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*Robert Colescott was born on this date in 1925. He was a Black painter. He is known for satirical genre and crowd subjects, often conveying his exuberant, comical, or bitter reflections on being African American.
Robert H. Colescott was born in New Orleans, Louisiana developed a deep love of music early on. His mother was a pianist, and his father was an accomplished classical and jazz violinist. They moved from New Orleans to Oakland, California in 1925. He took up drumming at an early age and seriously considered pursuing a career as a musician before settling instead on art. The sculptor Sargent Claude Johnson was a family friend who was a role model to Colescott growing up and was also a connection to the Harlem Renaissance and artwork dealing with African American experience.
In 1940, Colescott watched as the Mexican muralist Diego Rivera painted a mural at the Golden Gate International Exposition on Treasure Island near San Francisco. Colescott went on to absorb the Western art historical canon and to explore the art of Africa and New Guinea. He would always be acutely aware of what was going on in the contemporary art world. Nonetheless, these early experiences remained touchstones. Colescott was drafted into the U.S. Army in 1942 and served in Europe. His tour of duty took him to Paris a city that was hospitable to African American artists.
Back home, he enrolled at UC Berkeley, which granted him a bachelor's degree in drawing and painting in 1949. He spent the following year in Paris, studying with French artist Fernand Léger, then returned to UC Berkeley, earning a master's degree in 1952. Teaching career Like many artists of his generation, Colescott maintained parallel careers as a committed and influential educator and painter.
He moved to the Pacific Northwest after graduation from UC Berkeley and began teaching at Portland State University. He was on staff there from 1957 to 1966. In 1964 he took a sabbatical with a study grant from the American Research Center in Cairo, Egypt. He returned to Portland for a year but went back to Egypt as a visiting professor at the American University of Cairo from 1966 to 1967. When war broke out, he and his family (then-wife Sally Dennett and their son Dennett Colescott, born in Portland, Oregon in 1963) moved to Paris for three years. They returned to California in 1970 and he spent the next 15 years painting and teaching art at Cal State, Stanislaus, UC Berkeley, and the San Francisco Art Institute.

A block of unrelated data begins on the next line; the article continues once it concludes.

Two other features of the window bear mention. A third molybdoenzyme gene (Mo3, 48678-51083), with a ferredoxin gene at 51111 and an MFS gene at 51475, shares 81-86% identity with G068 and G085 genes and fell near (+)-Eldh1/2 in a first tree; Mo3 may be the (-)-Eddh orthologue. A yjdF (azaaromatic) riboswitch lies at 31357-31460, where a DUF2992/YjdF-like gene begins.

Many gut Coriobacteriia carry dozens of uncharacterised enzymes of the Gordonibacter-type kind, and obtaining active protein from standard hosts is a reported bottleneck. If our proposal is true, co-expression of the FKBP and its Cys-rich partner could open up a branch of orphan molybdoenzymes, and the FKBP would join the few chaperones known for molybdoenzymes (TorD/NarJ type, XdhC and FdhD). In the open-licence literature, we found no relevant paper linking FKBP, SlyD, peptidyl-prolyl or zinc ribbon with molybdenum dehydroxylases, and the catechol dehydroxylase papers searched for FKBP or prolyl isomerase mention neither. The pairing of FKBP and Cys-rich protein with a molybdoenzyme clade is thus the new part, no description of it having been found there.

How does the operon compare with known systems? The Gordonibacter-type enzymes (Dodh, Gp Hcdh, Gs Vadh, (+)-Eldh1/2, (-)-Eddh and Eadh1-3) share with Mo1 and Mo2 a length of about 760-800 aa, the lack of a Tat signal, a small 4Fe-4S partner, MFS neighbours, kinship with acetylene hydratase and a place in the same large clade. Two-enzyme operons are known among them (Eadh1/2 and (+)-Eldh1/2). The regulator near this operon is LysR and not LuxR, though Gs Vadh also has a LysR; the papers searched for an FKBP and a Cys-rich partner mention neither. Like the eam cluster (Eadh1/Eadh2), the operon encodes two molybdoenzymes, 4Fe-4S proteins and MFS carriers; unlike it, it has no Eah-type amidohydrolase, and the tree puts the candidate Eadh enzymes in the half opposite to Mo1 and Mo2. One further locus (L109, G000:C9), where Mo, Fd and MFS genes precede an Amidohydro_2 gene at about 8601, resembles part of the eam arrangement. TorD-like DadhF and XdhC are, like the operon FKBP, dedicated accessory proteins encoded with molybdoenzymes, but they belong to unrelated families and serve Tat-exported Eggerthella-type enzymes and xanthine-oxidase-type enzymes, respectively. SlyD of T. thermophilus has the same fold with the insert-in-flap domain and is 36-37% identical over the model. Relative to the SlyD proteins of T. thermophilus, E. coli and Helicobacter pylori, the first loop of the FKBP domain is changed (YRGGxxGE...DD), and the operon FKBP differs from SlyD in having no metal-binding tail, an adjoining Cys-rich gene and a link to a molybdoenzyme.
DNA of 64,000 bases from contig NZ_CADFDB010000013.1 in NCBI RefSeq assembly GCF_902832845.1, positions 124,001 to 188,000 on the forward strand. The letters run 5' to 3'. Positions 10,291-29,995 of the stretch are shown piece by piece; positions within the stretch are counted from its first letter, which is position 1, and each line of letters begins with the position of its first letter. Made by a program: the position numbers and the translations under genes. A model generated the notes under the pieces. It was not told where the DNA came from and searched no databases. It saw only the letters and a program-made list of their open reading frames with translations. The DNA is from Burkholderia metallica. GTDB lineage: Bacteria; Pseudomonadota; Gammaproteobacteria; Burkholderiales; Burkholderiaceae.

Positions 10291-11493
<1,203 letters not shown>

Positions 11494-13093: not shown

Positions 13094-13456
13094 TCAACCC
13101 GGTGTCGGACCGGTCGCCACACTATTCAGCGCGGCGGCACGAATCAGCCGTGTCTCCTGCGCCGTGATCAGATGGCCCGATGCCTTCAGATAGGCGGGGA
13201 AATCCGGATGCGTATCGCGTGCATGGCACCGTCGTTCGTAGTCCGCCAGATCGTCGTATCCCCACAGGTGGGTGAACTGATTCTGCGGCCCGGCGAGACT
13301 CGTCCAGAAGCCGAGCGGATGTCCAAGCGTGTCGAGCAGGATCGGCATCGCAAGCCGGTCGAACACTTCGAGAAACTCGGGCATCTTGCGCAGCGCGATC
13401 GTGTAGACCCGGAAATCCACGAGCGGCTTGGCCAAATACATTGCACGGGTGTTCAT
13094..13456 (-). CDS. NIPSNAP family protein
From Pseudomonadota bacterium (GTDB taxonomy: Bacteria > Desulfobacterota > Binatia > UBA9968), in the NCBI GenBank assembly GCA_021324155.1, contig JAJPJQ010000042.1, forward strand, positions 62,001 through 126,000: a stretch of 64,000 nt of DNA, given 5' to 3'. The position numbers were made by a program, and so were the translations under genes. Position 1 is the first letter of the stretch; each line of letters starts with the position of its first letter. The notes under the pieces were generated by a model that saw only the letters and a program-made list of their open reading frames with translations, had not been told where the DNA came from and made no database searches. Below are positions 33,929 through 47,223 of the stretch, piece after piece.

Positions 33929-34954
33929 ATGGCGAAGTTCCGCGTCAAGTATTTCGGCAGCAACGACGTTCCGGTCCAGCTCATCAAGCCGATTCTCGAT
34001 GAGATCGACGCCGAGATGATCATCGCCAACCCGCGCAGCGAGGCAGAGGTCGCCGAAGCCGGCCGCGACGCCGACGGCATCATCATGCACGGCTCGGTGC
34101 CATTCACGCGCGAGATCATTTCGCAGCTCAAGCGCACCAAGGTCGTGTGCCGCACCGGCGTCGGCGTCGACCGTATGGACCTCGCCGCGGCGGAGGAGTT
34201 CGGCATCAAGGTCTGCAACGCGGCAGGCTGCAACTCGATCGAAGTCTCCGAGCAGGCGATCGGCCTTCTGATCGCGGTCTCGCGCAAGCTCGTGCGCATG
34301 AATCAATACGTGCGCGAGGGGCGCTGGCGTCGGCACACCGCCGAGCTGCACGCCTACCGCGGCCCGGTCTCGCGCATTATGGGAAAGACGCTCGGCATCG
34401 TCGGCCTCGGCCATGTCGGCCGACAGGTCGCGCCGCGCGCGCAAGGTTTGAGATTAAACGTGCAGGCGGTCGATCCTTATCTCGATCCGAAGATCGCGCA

It was in Portland that Colescott's professional career as an artist was firmly established, thanks in large part to philanthropist Arlene Schnitzer, owner, and director of the Fountain Gallery, which she opened to promote contemporary artists from the region. Colescott's work was included in the gallery's inaugural exhibition in 1961, and he was given his first solo show there in 1963. In a tragic incident in 1977, a fire destroyed the gallery, and many of Colescott's works burned along with the works of many other artists represented by the gallery. The gallery, which reopened after the fire in a new location, continued to represent Colescott's work until it closed its doors in 1986. Colescott accepted a position as a visiting professor at the University of Arizona in Tucson in 1983 and joined the faculty in 1985. In 1990 he became the first art department faculty member to be honored with the title of Regents' Professor.
Sojourns in Egypt
Colescott's sojourns in Egypt, and his encounter with Egyptian art and culture and the continent of Africa, were life-changing experiences. The impact on the trajectory of the rest of his artistic career, in terms of both its formal qualities and subject matter, was first manifest in the series of paintings "The Valley of the Queens", inspired by a visit to Thebes. "Three thousand years or non-European art, a strong narrative tradition, formal qualities such as the fluidity of the graphic line, monumentality of scale, vivid color and sense of pattern--all these elements had a profound, immediate, and lasting impact on his work." Beginning in the mid-1970s, Colescott began creating works based on iconic paintings from art history. His Olympia, in the collection of the Honolulu Museum of Art, reimagines Manet's Olympia with the black servant as an equal. Colescott's George Washington Carver Crossing the Delaware: Page from an American History Textbook (1975), putting Carver, a pioneering Black agricultural chemist, at the helm of a boat loaded with black cooks, maids, fishermen, and minstrels. The first retrospective In 1987, the San Jose Museum of Art organized the first major retrospective of Colescott's work. The exhibition was accompanied by a catalog entitled Robert Colescott: A Retrospective, 1975-1986, with an essay by Lowery Stokes Sims, a longtime champion of Colescott's work, and a republication of the essay "Robert Colescott: Pride and Prejudice" by Mitchell D. Kahan.
In 1997 Colescott was "the first African-American artist to represent the United States in a solo exhibition at the Venice Biennale in 1997." The exhibition was organized by U.S. Commissioner Miriam Roberts and embarked on a three-year tour of museums. The exhibition catalog includes essays by Roberts and Lowery Stokes Sims, a poem by Quincy Troupe, and a photo essay by artist Carrie Mae Weems, to honor Colescott's influence on a younger generation of artists in general and African American artists in particular.
Robert Colescott died June 4, 2009, in Tucson AZ. He had a brother Warrington Colescott Jr. of Hollandale, Wis.; and five sons: Alex Colescott, Nick Colescott, Dennett Colescott, Daniel Colescott, and Cooper Colescott. Robert Colescott has 3 grandchildren: Colescott Rubin from Dennett Colescott. Hutton Colescott and Holly Colescott from Cooper Colescott.